Yesterday it was announced that there would be the first Miss Vancouver, multi-ethnic beauty pageant. Marina Hossain, is the CEO of Jam Expo Inc., which will be organizing the pageant for the Health and Beauty Expo. So first off, Canada hasn’t had a Miss Canada pageant since 1992. High production costs and declining interests were the reasons given. The other part was that people just weren’t interested in seeing women sashay along in a bathing suit and an evening gown, and giving their five minutes on how I hope to improve the world.

Yesterday’s CBC Radio One had a pageant coordinator also mention that Canadians just aren’t interested in being beauty queens, yet the ethnic beauty contests have continued. Obviously these contests do give exposure to the winner, as well as some prizes and cash. But the other reason they’re not popular is become they are still sexist and based on “beauty.”

So here comes Ms. Hossain with a new one that blends all ethnicities. Common ground is good but it’s still a beauty pageant. In fact, Hossain says, “Some can sing, some can dance, some have a nice face. Not everybody has that. But it’s the same as any other talent, like swimming. I see it in the same line. Beauty should be appreciated, too…. Beauty is something you have to work on. You have to furnish it. It’s a talent, knowing how to keep up with your body and health. Plus the natural talent you’re blessed with.”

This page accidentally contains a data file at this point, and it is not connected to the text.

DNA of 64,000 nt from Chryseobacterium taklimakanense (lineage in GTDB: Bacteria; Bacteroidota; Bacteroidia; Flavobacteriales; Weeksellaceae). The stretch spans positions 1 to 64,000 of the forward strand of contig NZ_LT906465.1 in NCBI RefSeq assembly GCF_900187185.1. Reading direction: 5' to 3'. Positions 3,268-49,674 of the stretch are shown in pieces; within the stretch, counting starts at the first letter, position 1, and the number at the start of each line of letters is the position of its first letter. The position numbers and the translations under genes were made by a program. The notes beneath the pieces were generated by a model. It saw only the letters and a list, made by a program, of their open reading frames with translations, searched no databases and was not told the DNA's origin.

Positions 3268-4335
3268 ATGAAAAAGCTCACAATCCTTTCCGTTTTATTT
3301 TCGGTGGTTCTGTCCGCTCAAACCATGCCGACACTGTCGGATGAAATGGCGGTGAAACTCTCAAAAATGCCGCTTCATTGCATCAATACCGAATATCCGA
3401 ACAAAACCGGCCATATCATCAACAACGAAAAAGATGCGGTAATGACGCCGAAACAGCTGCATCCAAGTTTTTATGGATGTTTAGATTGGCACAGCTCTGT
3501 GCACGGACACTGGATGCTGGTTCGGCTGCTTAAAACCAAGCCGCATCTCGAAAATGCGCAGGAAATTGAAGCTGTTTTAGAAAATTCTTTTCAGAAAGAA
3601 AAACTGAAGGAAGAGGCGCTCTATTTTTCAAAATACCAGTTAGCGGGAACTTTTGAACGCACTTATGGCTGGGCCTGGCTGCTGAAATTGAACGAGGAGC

A talent? Right. Being beautiful is a talent like having a well working heart, or two good eyes. You’re born with it or you’re not. Being born with something is not a talent. Some people have natural abilities in drawing or running but it still takes work to be good at and maintain a consistent level of talent. Beauty I guess can also be maintained: eat healthy, exercise, sleep properly. But then there is always botox, and  silicone and plastic surgery to make one beautiful. That’s a talent for those with money.